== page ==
When you think of Cape Town, what do you imagine? Perhaps you picture Table Mountain, penguins on the sand, or the stunning beaches that surround this city.
Cape Town is often considered one of the most Instagrammable cities in the world. For the past seven years, it has been voted the top tourist city in the world by the Telegraph Travel Awards.
But beyond the picture-perfect version of the city, a different, more complex reality exists – set against the backdrop of the world’s most unequal country.
Here we meet two of the photographers working to revealing a deeper, grittier and less publicized side of the city through their images.
Ismaiel Isaacs, the portrait photographer of the Cape Flats
Ismaiel Isaacs, 31, grew up in Manenberg, in the Cape Flats – a flat, sandy urban sprawl on the outskirts of Cape Town’s city center. Beginning in the early 1950s, under South Africa’s apartheid government, people of color were forcibly relocated there earning it the reputation of “apartheid’s dumping ground.”
Today, it is home to over a million people, most of whom are of mixed heritage.
Even after 26 years of democracy, it remains a notorious part of Cape Town, socio-economically marginalized from the city center and surrounding suburbs.
As Isaacs tells CNN, living here is a struggle; on a daily basis, people face gang violence, poverty and the risk of death due to ongoing drug wars.
But it is also a place of great character, community and culture – and that is where Isaacs draws his inspiration.
“I try and convey a message of the beauty that’s in the struggle,” Issacs says. “[It’s] not only the struggles that we go through that make us stronger people, but people that live here – they are beautiful.”
His photographs focus mostly on portraits of people from these communities. He describes his aesthetic as raw, unfiltered and emotive.
“My story of Cape Town in my photography is the story of not just mountains and beaches, but there’s also an unpolished side of Cape Town that has been forgotten about,” he says. “And I feel that there’s a need for us to recognize it, because there’s a lot happening here. And actually, in the Cape Flats, we need support.”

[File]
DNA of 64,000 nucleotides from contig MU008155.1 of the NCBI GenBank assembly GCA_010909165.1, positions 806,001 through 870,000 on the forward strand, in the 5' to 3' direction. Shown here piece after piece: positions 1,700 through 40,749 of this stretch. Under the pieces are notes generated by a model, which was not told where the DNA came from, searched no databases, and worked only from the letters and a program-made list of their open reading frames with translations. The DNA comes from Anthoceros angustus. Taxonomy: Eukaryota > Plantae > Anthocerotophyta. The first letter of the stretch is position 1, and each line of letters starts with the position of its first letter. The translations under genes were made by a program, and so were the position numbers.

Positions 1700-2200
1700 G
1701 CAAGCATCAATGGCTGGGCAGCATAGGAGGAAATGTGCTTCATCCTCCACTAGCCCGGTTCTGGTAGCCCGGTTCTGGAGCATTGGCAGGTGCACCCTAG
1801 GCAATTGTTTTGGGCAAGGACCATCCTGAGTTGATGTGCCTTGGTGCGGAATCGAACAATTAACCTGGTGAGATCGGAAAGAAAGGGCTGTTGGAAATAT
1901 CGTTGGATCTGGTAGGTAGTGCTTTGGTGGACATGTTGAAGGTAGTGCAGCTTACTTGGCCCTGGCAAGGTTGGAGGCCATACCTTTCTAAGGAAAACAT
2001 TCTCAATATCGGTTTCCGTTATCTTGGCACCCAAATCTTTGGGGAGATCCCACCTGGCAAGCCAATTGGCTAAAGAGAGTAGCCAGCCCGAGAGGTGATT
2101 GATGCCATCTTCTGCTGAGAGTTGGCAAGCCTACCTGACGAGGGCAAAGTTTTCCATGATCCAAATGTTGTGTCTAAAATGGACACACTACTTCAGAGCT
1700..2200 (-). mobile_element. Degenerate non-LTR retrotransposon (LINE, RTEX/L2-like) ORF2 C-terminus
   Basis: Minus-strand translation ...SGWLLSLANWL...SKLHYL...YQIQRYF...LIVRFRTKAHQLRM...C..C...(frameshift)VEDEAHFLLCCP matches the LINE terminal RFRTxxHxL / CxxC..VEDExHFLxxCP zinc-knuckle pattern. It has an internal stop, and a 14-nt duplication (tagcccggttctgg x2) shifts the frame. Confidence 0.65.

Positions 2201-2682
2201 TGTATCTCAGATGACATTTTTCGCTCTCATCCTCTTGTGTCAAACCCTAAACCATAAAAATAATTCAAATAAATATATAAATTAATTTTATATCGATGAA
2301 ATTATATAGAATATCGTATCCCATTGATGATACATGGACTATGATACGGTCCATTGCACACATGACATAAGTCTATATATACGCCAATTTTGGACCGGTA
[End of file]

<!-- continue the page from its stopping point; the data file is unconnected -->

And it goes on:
Isaacs also says that he uplifts people through taking their photos.
“I’m trying to take the negatives and bring it into a positive, because as soon as I pick up my camera and ask someone, ‘Look, here, can I take a picture of you?’ What are they going to do? They’re going to smile,” he says.
“For that moment, I’m making them smile and that’s fulfilling enough for me.”
Barry Christianson, the documentary photographer
Barry Christianson, 38, grew up straddling two different worlds: during the week, he lived with his mom in the Cape Flats, while his weekends were spent with his dad in the middle-class suburbs of Cape Town.
“Cape Town is a fundamentally fractured city, as divided as it is beautiful,” Christianson says. “There are multiple cities existing side by side – some for the haves and others for the have-nots.”
For as long as he can remember, social and geographic disparity have impacted the way he has viewed the city he calls home. After spending 16 years as a computer programmer, he felt compelled to turn his photography hobby into a full-time job.
“From colonialism through apartheid to democracy, people of color have been dispossessed of land, livelihood and freedom of movement,” Christianson says.
“Having to navigate the two realities and all that came along with them made me acutely aware of spaces I inhabited,” he explains. “A lot of my photography deals with issues around space and how space is created, who’s in the space, who creates it and what happens to the space when different people occupy it.”
He brought CNN along for a tour of locations he’s captured that illustrate these themes – like Saunders’ Rocks, a former Whites-only beach. Today, Christianson believes it is one of the most racially integrated beaches in the city.
He took one of his favorite photos at this spot – a Muslim woman wearing a burkini, something he says you might not see in other parts of the city.
A lot of his work also focuses on people who have faced more recent eviction, especially in areas of inner-city gentrification.
“As developers buy and sell valuable properties in the city center, black and mixed-race South Africans who managed to stay in the inner city throughout the apartheid era are being evicted and forced into low-quality housing on the city’s outskirts”, Christianson says
“[Cape Town is a] city that keeps moving people around, a very specific group of people around, who are never really allowed to stay in one place permanently,” he added.
That legacy of forced removals remains a deeply sensitive and difficult issue in South Africa today, which has had the most profound effect on non-white communities.
He often pairs essays with his images and is one of a handful of documentarians committed to bringing these stories and the people behind them to light.
“Even though I photograph space,” he says, “I try to sort of bring out personal stories and personal histories, and how people relate to Cape Town.”
The story has been updated to correct the age and spelling of Ismaiel Isaacs.